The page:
Use Automation to Create More Purposeful Work
Accounting firms and other businesses can help keep employees by making sure they don’t get bored. Although they’re admittedly not exciting, sometimes menial tasks need to get done. If you can automate them, however, you can make sure they’re done while freeing up your staff to do more meaningful work.
Invoicing, collection efforts, and basic bookkeeping tasks can all be automated with the right software. So can super simple tasks like addressing envelopes using a font that makes them look handwritten. a personal touch is sometimes best, but don’t make a habit of leaving ambitious and motivated staff members feeling bored and uninterested in their duties.
Work-life balance has become a buzzword that businesses often like to talk about, but very few actually do well. Don’t make this mistake. It is a bit cliche, but your staff really does work to live — none of them live to work. This truth doesn’t change during your busy tax season or when you’re short-staffed.
A great way to help your employees maintain a better work-life balance is outsourcing. Tax time is crazy at a busy CPA firm, so manage the chaos by managing the workload. Hire an outside firm to handle simple tasks like scheduling tax appointments or directing customer emails and questions to the appropriate place for faster answers. You can even take on a few freelance CPAs or use a service like Picnic Tax to get qualified helping hands to help you handle the increased workload.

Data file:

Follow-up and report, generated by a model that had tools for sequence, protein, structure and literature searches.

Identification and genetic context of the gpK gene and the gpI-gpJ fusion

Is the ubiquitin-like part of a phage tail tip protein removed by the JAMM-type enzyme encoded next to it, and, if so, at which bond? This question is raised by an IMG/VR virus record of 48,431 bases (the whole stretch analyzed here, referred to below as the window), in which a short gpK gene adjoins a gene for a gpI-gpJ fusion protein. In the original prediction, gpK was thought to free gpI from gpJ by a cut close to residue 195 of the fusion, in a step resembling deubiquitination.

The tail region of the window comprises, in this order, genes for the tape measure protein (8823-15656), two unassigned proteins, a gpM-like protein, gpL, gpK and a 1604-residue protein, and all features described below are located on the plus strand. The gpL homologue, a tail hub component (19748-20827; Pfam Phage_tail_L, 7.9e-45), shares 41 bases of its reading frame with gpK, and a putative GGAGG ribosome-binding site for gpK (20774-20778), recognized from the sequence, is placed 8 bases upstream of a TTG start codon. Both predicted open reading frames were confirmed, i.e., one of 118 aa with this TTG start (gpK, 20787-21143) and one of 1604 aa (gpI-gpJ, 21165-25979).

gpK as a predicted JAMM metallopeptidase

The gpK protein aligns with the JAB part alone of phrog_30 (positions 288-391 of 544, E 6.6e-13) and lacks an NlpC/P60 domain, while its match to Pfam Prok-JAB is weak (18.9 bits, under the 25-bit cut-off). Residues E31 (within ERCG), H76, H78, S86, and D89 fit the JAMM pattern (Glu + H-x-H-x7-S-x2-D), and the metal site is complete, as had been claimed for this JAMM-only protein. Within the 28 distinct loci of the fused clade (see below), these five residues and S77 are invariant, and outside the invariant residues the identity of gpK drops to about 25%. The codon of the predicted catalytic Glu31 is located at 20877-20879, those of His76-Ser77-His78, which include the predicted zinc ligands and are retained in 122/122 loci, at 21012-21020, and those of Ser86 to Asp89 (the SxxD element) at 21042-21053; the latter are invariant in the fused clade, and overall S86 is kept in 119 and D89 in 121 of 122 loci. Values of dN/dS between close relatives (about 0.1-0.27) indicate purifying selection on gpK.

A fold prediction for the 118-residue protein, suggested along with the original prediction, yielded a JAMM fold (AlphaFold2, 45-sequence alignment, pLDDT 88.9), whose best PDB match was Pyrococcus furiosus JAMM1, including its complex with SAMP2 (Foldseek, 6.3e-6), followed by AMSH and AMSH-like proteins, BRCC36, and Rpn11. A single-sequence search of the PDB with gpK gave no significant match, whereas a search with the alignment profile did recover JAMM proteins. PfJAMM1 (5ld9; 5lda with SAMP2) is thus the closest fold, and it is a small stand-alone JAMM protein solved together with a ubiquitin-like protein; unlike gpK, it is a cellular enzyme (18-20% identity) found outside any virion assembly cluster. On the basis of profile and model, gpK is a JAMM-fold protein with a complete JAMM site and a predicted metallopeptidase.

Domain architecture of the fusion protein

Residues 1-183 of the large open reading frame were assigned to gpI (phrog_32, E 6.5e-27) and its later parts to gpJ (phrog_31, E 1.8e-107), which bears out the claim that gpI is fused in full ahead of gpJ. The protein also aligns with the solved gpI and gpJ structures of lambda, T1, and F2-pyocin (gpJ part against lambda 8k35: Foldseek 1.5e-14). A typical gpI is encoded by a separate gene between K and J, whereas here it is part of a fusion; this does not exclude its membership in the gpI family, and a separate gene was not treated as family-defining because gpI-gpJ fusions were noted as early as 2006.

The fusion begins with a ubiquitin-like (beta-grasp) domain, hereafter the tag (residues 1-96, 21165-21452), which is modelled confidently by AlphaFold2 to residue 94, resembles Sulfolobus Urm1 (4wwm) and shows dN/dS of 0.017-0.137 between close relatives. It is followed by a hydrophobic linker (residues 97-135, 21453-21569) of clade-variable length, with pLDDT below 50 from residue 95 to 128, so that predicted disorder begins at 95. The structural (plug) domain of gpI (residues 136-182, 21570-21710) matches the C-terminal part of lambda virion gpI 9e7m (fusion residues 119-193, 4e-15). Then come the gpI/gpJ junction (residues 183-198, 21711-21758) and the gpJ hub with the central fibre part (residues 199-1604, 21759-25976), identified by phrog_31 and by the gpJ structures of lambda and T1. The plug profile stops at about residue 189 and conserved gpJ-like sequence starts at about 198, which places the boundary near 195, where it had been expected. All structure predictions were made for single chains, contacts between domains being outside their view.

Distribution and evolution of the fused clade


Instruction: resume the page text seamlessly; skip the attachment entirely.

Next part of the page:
Even if you need them only temporarily, a few extra employees or outsourced tasks can really help take the load off of your existing staff. It only takes one busy tax season to make some employees feel like they’re living at work and need a change. You can promote work-life balance by getting help so employees see that you really do care and are giving this important necessity more than just lip service.
Other employee retention strategies include cultivating a positive company culture, offering mentorship programs, and offering employees opportunities for advancement. Promote from within whenever possible and celebrate milestones with employees. Employment anniversaries, impressive achievements, and extra effort should all be acknowledged and celebrated.
Equally important is creating open-door policies where employees can discuss concerns, suggestions, and ideas in a safe and respectful environment. Make sure you communicate with employees and remember to include those who work remotely in the conversation. Be honest about achievements as well as issues the company is facing. Employees know when something isn’t quite right and become resentful when they feel like they’re being kept in the dark.
Ongoing feedback about employee performance is another engagement tool. If something is going right, praise it. If it’s not, address it. Employees who think they’re doing well can come away from an annual review feeling discouraged or angry upon learning their work isn’t perceived the way they thought it was. Avoid surprises by touching base more frequently. If an employee wants to know how they can improve or advance within the company, you can promote engagement by helping them lay out a realistic plan for doing so.
Sometimes, employees simply need a change, and that’s okay. You won’t be able to keep every employee you want to, and that’s just a reality of doing business. But there are things you can do to make your firm an attractive place to work and try and keep employee engagement and retention as high as possible. When doing so means getting some help so your staff doesn’t have to sacrifice their work-life balance, you can trust the professionals at Picnic Tax to put you in touch with qualified CPAs who can help reduce the workload. As always, we’re here when you need us and you can reach out at any time.